registrant. Also please remember you still need to register for BOTH meetings separately here http://dohad.utoronto.ca/meeting2019/ and here https://www.cnprm.org/registration/.

There are a number of shuttle options for attendees coming from Montreal or Ottawa.

Click here for directions.

Keynote Speakers

Tessa Roseboom is a Professor of Early Development and Health at the Academic Medical Centre in Amsterdam, the Netherlands. Her work focusses on the impact of the early life environment on growth, development and health throughout life. Her studies in the Dutch famine birth cohort provided the first direct evidence in humans that maternal nutrition during gestation affected offspring´s and potentially grand-offspring’s health (www.hongerwinter.nl). Her current research focuses on the fundamental biological processes that underlie ‘developmental programming’ and on translation to current pregnancies, in developed and developing settings. These studies include observational and experimental studies of the long term consequences of lifestyle interventions before and during pregnancy (www.womb-project.eu), obstetric interventions, hyperemesis gravidarum, and assisted reproduction techniques. The ultimate aim of her work is to contribute to improved human health by giving each child the best possible start in life.

Dr. Robert Waterland, a Professor of Pediatrics and Molecular & Human Genetics at Baylor College of Medicine, is based in the USDA/ARS Children’s Nutrition Research Center in Houston, Texas.  He earned his B.S. in Physics from Virginia Tech, then worked for several years at the University of Pennsylvania, with Britton Chance and then Albert Stunkard. After earning his Ph.D. in Human Nutrition from Cornell (with Cutberto Garza), he conducted postdoctoral research in developmental genetics with Randy Jirtle at Duke. Dr. Waterland’s research focuses on understanding fundamental mechanisms of ‘developmental programming’, i.e. how prenatal and early postnatal environments induce persistent alterations in gene expression, metabolism, and risk of disease. In particular, his laboratory explores the mechanisms by which nutrition and other early environmental influences affect developmental epigenetics, with a focus on DNA methylation. He serves on the council of the International Society for Developmental Origins of Health and Disease.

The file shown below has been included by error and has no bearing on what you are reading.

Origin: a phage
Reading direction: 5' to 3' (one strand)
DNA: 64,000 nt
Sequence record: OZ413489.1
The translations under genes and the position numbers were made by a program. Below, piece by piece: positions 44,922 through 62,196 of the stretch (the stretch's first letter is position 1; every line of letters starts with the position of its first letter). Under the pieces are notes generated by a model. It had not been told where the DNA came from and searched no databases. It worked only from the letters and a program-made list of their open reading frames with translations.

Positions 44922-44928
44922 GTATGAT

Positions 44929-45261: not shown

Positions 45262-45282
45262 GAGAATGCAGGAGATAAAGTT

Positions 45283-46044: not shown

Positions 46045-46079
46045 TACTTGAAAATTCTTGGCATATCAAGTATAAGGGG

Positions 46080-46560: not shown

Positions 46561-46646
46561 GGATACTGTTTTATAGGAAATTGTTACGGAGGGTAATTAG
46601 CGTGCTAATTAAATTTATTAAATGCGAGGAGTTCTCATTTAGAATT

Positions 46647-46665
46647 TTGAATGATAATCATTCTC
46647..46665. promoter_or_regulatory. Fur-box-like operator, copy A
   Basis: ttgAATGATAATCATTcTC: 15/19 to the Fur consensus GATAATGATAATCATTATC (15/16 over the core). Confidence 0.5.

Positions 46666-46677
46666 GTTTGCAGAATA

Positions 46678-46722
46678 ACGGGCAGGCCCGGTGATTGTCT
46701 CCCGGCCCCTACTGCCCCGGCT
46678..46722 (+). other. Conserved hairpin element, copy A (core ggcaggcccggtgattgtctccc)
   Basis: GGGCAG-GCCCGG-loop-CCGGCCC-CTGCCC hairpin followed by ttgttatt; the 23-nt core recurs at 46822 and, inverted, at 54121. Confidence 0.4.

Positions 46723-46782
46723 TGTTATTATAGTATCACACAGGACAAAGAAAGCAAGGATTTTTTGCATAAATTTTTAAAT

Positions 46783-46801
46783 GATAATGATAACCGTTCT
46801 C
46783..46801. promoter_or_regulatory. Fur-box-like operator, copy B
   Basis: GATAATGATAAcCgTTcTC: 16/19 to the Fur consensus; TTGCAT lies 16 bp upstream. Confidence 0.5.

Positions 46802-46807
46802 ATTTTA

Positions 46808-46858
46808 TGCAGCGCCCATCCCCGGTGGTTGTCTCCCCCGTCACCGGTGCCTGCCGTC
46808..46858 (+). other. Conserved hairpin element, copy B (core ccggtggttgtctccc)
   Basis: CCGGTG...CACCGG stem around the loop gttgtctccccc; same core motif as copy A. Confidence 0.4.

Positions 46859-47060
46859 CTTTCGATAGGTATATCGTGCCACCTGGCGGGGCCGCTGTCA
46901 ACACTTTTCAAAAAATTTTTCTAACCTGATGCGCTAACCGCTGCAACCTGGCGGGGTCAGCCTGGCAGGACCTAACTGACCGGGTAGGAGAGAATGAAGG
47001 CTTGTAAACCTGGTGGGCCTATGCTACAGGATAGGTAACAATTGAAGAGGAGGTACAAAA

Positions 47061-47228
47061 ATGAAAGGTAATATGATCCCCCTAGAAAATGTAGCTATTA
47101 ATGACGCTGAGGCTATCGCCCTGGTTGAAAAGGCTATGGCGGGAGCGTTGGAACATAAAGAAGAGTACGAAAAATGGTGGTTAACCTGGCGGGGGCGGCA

Speakers – Faculty

Programming obesity in offspring exposed to gestational diabetes: The epigenome starts revealing some of its secrets.

Dr Bouchard is associate professor of genetics and epigenetics at the Department of Biochemistry, Faculty of Medicine and Health Sciences, Université de Sherbrooke and head of the Department of Molecular Biology and Genetics at the university-affiliated Chicoutimi Hospital (QC, Canada). After a Ph.D. training in genetic epidemiology at Université Laval, he completed postdoctoral fellowships in transcriptomics (CHU de Québec) and epigenomics (University of Toronto). Pr Bouchard has extensive expertise in genetics/epigenetics of metabolic disorders and has made significant contributions to understand the role of epigenetic mechanisms in the development of obesity, diabetes and cardiovascular diseases. He was awarded the 2018 Canadian Society of Endocrinology and Metabolism Young Investigator Award, the 2015 Robert H. Haynes Young Scientist Award and the 2010 Jonathan-Ballon Prize, among others.